What can you do ?

Actually, you can do quite a lot.

Most important is obviously preventing the development of hypertension. a healthy lifestyle is most important to stay healthy with or without hypertension.

 

 

First: Gain Knowledge !!

It is often said: you've got to know what is endangering you. Gaining knowledge is easy with modern media like the Internet, but also very tricky as there is a lot of nonsense and even outright dangerous information. Try to stick with professional information and only follow links from websites that can be trusted. Do not believe in 'magic products' that are sold over the internet and promise to improve your health. The only person profiting is the (usually overseas) vendor of obscure, and frequently dangerous chemicals.

The best source of information is obviously your GP, as he/she has all your information and if you have any further question, specifically relating to high blood pressure and kidney diasease, feel free to click the red button on the left and just ask me.

Then establish: are you at risk ?

If somebody in your family has high blood pressure, then the risk for others in that family to have hypertension is increased.

Do you have a healthy lifestyle ?

Smoking can add 10 points to your blood pressure, because it narrows your blood vessels. So giving up smoking is a first good step. Ask us for help.

If you are iverweight, losing some weight, even a couple of kilograms, may help you to bring your blood pressure down. If you are being treated for high blood pressure, losing weight may make the treatment work better and reduce how much medication you need.

Eating a low fat diet that includes lots of fruit and vegetables may help lower your blood pressure. And if can also cut down on the salt in your diet, you may lower your blood pressure even further.

A low fat diet has been shown to lower blood pressure. on this diet you eat less saturated fat (butter, meat, cheese, and cream), lots of fruit and vegetables and small amounts of dairy products. you eat wholegrain products (such as brown rice and wholemeal bread), fish, poultry and nuts. you avoid red meat, sweets and sugary drinks.

Most of us eat more salt than we need. A low-salt diet means eating less than 6 grams of salt per day. this is about 1 teaspoon. lots of processed food such as bread and breakfast cereal contain a lot of salt. Check on the labels to find out. Icecream is extremely rich in salt too.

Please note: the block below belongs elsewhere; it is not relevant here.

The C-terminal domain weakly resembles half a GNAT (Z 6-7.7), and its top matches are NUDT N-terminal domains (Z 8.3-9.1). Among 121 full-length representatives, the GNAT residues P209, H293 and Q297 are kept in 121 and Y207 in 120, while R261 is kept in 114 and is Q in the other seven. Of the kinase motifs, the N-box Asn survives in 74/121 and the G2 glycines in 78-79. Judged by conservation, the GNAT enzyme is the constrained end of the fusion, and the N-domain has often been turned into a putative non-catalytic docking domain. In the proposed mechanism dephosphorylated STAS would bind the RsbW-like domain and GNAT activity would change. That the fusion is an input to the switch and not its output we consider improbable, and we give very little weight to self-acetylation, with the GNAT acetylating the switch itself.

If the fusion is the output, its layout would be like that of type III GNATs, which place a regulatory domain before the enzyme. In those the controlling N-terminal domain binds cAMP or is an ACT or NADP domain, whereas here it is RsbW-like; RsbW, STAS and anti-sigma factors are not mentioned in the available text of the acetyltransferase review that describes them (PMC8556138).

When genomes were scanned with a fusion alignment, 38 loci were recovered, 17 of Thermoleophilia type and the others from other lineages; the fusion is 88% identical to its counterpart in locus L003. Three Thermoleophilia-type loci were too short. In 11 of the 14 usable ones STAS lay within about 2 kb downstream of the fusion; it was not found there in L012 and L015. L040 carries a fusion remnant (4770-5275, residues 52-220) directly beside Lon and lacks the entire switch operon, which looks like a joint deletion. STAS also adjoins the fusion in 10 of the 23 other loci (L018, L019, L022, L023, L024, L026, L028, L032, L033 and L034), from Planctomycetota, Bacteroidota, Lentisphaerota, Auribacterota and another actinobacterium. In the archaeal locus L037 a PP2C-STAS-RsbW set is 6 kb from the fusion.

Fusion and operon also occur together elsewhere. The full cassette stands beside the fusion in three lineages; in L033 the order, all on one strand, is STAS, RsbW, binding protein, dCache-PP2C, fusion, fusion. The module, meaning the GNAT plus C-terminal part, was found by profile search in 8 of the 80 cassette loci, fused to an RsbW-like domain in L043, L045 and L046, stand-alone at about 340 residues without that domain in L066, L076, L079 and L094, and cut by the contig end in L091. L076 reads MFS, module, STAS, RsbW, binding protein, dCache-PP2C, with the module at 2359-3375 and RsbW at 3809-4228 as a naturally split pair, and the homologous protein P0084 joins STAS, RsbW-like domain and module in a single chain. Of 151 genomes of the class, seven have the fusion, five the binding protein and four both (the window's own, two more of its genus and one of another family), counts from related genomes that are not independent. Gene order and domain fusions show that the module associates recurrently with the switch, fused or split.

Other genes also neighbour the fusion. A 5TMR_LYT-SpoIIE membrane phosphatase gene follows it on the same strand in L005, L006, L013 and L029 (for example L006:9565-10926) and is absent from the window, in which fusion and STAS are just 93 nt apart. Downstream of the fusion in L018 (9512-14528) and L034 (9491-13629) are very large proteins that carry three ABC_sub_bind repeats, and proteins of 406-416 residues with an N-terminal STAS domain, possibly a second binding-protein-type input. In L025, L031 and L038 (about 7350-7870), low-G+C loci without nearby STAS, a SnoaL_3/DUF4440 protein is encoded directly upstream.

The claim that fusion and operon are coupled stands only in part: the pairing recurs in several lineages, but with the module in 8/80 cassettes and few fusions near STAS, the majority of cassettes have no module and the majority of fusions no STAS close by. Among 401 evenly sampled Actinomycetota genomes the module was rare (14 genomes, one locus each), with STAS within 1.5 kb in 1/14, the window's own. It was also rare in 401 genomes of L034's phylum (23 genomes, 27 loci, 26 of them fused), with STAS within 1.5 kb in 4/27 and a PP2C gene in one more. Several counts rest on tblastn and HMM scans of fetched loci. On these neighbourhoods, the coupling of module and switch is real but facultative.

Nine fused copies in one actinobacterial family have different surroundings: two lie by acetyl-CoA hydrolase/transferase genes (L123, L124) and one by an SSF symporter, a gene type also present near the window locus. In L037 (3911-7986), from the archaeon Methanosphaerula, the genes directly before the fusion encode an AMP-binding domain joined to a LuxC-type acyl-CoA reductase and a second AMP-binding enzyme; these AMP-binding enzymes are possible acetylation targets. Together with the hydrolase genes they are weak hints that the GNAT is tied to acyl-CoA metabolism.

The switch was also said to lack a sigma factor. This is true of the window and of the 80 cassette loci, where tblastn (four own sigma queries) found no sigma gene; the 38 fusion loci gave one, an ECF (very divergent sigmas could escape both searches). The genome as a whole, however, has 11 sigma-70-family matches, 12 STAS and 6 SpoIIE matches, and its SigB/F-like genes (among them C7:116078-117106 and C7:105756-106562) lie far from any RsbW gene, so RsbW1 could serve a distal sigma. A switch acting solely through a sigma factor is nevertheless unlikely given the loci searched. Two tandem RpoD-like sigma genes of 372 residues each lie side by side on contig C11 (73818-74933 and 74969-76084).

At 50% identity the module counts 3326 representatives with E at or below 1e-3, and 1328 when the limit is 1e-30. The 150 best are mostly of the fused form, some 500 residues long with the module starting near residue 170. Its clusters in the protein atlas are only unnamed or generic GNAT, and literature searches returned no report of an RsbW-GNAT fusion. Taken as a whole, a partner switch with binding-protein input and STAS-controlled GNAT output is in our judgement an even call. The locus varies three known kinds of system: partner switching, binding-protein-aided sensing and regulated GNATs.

There is a good chance that taking some exercise (such as walking, jogging or cycling) at least three times per week will help lower your blood pressure. You need to exercise regularly to keep your bloodpressure down. If you stop exercising, it may rise again.

I recommend that younger, fit people should do three sessions of exercise a week where they can feel their heart beating faster (such as jogging). this is what we call vigorous exercise. Older people should aim for 20 minutres of exercise per day, say by walking briskly.

If you drink a lot of alcohol, cutting down on alcohol can reduce your blood pressure. this means cutting back to the recommended limit of three or four units of alcohol a day for men or two to three units a day for women (corresponding with around 2 glasses of wine).

Stress increase our bloodpressure significantly. if we are exposed to ongoing stress, for example because of problems at work, worries at home or school, then the increased blood pressure that comes with that will have its damaging effects and worsens a maybe already existent tendency for high blood pressure. Try, if at all possible, to eliminate the stress factor or at least seek regular relaxation, for example by listening to music, doing yoga or learn to apply meditation or Reiki.

I know this all does not sound like a lot of fun, but it is all a matter of common sense. Nobody is surprised to be told that being overweight, an inactive lifestyle and smoking and drinking are not good for your health. We are not talking little health risk here, but the often fatal or otherwise debilitating consequences of stroke and heart attacks.